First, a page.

A new process accelerates the recycling of plastic waste. Disposable bottles for aviation fuel: A team from Washington State University (WSU) has developed a process to extract kerosene or other substances from bottles and other plastic waste.
The basic material for the process is polyethylene, the most commonly used plastic from which bags and bottles, as well as pipes and furniture, are made. The polyethylene is dissolved in the organic solvent n-hexane. The solution is heated to around 220 degrees and the long carbon chains are broken down with the help of the ruthenium catalyst.
What remains are chains of 8 to 16 carbon atoms. Hydrogen is introduced into the process, which combines with the carbon. Liquid hydrocarbons are produced that can be used as fuel.
Before, recycling took too long
The Washington State University team presented a process for converting polyethylene into kerosene some time ago. But so far this has taken place at high temperatures and took a long time.
After the improvements, lower temperatures are now necessary. Above all, however, the process has been accelerated: 90 percent of the starting material would be converted within an hour, the researchers describe in the specialist journal Chem Catalysis . That reduces the cost of the process.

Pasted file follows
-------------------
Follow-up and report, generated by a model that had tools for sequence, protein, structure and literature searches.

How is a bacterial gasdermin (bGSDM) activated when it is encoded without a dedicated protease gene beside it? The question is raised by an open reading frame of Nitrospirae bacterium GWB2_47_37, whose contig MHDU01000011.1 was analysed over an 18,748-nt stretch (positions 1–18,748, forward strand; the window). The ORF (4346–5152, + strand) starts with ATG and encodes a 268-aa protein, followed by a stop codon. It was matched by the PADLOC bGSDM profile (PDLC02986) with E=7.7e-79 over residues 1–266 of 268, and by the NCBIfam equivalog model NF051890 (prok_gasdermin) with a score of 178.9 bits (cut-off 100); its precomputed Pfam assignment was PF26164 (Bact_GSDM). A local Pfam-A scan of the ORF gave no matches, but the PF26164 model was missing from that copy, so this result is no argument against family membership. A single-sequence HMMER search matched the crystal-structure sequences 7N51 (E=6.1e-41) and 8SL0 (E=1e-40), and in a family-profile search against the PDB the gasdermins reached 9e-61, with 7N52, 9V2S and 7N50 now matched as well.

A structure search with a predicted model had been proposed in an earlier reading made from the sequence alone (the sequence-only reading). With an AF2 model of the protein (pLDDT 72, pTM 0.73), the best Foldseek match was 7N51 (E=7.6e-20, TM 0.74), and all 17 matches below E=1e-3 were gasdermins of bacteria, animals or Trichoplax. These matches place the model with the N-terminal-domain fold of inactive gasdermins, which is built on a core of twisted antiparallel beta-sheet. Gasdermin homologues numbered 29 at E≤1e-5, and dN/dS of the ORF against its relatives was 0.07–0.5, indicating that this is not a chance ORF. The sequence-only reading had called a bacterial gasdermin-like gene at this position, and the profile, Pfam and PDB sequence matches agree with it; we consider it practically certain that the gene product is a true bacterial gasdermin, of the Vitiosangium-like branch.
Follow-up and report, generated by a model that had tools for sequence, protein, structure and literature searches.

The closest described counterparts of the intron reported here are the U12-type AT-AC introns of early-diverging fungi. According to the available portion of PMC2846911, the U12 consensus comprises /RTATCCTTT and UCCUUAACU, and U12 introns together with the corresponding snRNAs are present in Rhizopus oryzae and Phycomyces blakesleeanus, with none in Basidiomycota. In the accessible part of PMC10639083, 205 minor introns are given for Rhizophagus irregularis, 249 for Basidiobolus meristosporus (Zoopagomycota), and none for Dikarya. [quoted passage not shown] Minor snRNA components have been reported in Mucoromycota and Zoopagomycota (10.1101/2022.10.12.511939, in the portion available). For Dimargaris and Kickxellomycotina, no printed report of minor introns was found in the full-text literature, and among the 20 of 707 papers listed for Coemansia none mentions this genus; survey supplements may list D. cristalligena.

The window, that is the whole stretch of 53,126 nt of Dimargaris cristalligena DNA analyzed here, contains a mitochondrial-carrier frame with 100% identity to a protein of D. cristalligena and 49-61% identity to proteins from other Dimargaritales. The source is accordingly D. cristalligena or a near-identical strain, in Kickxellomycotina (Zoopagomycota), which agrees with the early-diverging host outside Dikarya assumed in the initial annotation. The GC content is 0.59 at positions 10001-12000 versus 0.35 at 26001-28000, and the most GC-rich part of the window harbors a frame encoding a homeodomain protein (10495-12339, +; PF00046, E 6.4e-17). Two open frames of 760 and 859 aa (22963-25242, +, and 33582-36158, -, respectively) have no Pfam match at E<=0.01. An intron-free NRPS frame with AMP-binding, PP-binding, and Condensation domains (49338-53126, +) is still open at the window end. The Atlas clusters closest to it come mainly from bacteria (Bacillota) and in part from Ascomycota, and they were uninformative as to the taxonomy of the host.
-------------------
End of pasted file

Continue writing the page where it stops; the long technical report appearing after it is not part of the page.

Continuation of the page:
“In the recycling industry, the costs are crucial” , said project Hongfei Lin . The improved process is therefore an important step in bringing the new technology to market maturity.
In addition to kerosene, high-quality lubricants and raw materials for the chemical industry can also be produced in this way. Adjusting conditions, such as temperature, time, or the amount of catalyst used, is critical to fine-tuning the process to create specific products, according to the researchers.
“Depending on the market, you can determine which product you produce,” said project manager Lin. “You are flexible. Using this efficient process could be a promising approach for the selective manufacture of high-quality products from polyethylene waste.”